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Question About Quiche

I hate most quiches, but a local shop sells one that is delicious. It is not heavy, dense or dry. It's more in between a custard and a quiche. I have tried cooking them for less time and the result is not the same--it may be wetter, but is still dense. How can I make a more custardy quiche? Any recipes??? Thanks a million.

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  1. You need to use a blender or a whisk to beat air into the batter.

    Not as recipe-based as it is technique-based.

    1. I make quiche fairly often and find fewer eggs and more cream and or milk makes it more custardy and less eggy. For a fairly deep 10" round I would not use more than 4 eggs. If the liquid does not reach almost to the top of the pastry when I am assembling a quiche I pour milk over it evenly. It always sets even though you would think it wouldn't.

      1. jaykayen and smartie are both right. too much egg will make it dense, and combining the eggs and milk/cream in a blender (until frothy) will incorporate additional air to lighten it.

        one more thing...some experts swear by scalding the milk first to achieve a creamier custard.

        1 Reply
        1. re: goodhealthgourmet

          I don't blend mine in a machine, I just mix with a fork like making scrambled eggs. Just mine preference as I don't like the bubbles of air in quiche where it attaches to the pastry.
          Also make sure any cooked vegetables you use are drained well or it will get watery - very important if using spinach.

        2. I made a quiche recently where I mixed 1 c sour cream (full fat) and one cup skim milk then added 5 beaten eggs plus salt and pepper for the base (just mixed both by hand with a fork). I poured it over 1.5 c cooked spinach, along with about 1 c total of sauteed onions, garlic, and sweet red pepper and red pepper flakes in an unbaked 9" pillsbury pie crust, covered the top with a few deli slices of mozzarella and provolone, and baked uncovered at 350 for about 45 min (when a knife in the middle comes out clean, it's done). Lots of other mix-ins would work well - eg broccoli and ham or asparagus and red peppers. Turned out perfect - the four of us ate almost the whole thing in one sitting!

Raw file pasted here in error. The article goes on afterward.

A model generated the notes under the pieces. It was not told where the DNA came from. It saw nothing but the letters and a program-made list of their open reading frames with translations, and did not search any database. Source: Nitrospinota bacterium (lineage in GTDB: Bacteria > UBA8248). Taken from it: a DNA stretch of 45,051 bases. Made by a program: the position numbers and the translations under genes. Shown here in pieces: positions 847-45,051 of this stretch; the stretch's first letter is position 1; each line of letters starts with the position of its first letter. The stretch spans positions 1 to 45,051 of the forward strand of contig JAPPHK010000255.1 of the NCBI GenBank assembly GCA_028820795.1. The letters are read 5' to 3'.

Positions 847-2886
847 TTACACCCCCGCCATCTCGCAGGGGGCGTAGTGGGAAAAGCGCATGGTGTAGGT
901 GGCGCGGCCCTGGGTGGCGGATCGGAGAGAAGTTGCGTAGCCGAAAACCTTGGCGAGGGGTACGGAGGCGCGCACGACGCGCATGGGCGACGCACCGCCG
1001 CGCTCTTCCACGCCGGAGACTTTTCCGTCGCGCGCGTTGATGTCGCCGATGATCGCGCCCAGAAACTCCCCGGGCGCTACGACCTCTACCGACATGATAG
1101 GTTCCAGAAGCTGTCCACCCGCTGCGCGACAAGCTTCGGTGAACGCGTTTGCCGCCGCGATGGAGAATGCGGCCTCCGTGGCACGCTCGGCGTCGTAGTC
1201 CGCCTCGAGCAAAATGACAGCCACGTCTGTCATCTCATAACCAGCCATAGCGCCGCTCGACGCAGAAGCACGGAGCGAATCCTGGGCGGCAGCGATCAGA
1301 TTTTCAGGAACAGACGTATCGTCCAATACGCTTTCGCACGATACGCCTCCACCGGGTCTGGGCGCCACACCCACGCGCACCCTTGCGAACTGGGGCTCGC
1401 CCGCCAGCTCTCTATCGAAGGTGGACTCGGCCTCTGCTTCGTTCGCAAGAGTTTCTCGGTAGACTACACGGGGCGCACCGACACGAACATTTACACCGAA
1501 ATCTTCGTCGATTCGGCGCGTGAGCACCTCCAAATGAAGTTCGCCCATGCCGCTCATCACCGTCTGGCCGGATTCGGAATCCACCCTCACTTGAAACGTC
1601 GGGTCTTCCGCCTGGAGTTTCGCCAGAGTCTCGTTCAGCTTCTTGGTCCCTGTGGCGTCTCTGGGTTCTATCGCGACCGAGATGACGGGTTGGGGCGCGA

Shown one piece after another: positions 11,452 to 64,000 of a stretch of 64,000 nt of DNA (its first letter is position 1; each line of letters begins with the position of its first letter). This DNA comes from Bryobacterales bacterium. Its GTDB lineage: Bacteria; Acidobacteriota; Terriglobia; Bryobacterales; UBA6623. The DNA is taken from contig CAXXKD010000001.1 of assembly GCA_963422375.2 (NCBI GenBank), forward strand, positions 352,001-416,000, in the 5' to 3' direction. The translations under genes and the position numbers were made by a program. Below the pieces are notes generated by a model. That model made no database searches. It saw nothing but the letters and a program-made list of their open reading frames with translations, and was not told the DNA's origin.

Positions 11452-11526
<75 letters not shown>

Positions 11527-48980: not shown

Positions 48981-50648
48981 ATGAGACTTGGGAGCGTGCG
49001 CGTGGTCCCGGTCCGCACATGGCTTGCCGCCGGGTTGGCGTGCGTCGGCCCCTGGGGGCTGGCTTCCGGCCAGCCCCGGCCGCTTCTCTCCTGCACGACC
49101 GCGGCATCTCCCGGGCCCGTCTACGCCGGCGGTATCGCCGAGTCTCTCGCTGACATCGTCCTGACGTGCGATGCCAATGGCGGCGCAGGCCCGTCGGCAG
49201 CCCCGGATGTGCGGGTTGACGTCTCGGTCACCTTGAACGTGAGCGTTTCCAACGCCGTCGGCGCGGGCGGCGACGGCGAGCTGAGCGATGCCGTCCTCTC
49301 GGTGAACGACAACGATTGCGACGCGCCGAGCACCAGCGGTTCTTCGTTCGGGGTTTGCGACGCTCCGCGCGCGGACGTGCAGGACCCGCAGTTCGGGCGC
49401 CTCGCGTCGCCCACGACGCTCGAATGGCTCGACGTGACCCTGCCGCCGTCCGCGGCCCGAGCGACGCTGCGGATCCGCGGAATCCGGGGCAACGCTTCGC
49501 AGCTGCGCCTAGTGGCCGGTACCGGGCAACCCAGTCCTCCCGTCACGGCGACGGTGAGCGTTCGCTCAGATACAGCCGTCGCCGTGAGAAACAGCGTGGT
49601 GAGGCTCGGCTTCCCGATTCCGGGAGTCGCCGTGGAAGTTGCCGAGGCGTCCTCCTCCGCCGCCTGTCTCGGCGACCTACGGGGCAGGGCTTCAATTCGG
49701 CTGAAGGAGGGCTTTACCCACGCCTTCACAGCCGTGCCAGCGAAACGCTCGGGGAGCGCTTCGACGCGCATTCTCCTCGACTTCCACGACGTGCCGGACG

1. An adjunct question, not meant to hijack: Do you serve quiche hot out of the oven, or let it rest for a few minutes, or refrigerate and reheat a la Keller and Ruhlman?

            I like a quiche hot and fresh, and I am afraid to keep it for a day before trying it.

            4 Replies
            1. re: jayt90

              I usually like it out of the oven, but this one I cooked in the afternoon, cooled at room temp, refrigerated overnight and reheated at 250 for about 30 min in the morning. Still tasty!

              1. re: jayt90

                The best quiche I ever ate was sold by a bakery in the departure terminal of the Zurich airport; they reheated a slice just slightly in their microwave when you bought it. It was very custardy. I assume it was made fresh every morning; at any rate, we ate three slices apiece and didn't get sick or anything.

                1. re: jayt90

                  i like to let the quiche rest for a few minutes.

                  1. re: jayt90

                    I like quiche fresh and hot OK, but I like it cold the next day even better. I do NOT like it reheated; back when every fern-bar yuppie joint had quiche on the lunch menu, it inevitably came freshly nuked from the microwave, always with that telltale layer of wetness between the filling and the bottom crust. Blech. And they absolutely refused to serve it cold, as though that were somehow unsanitary.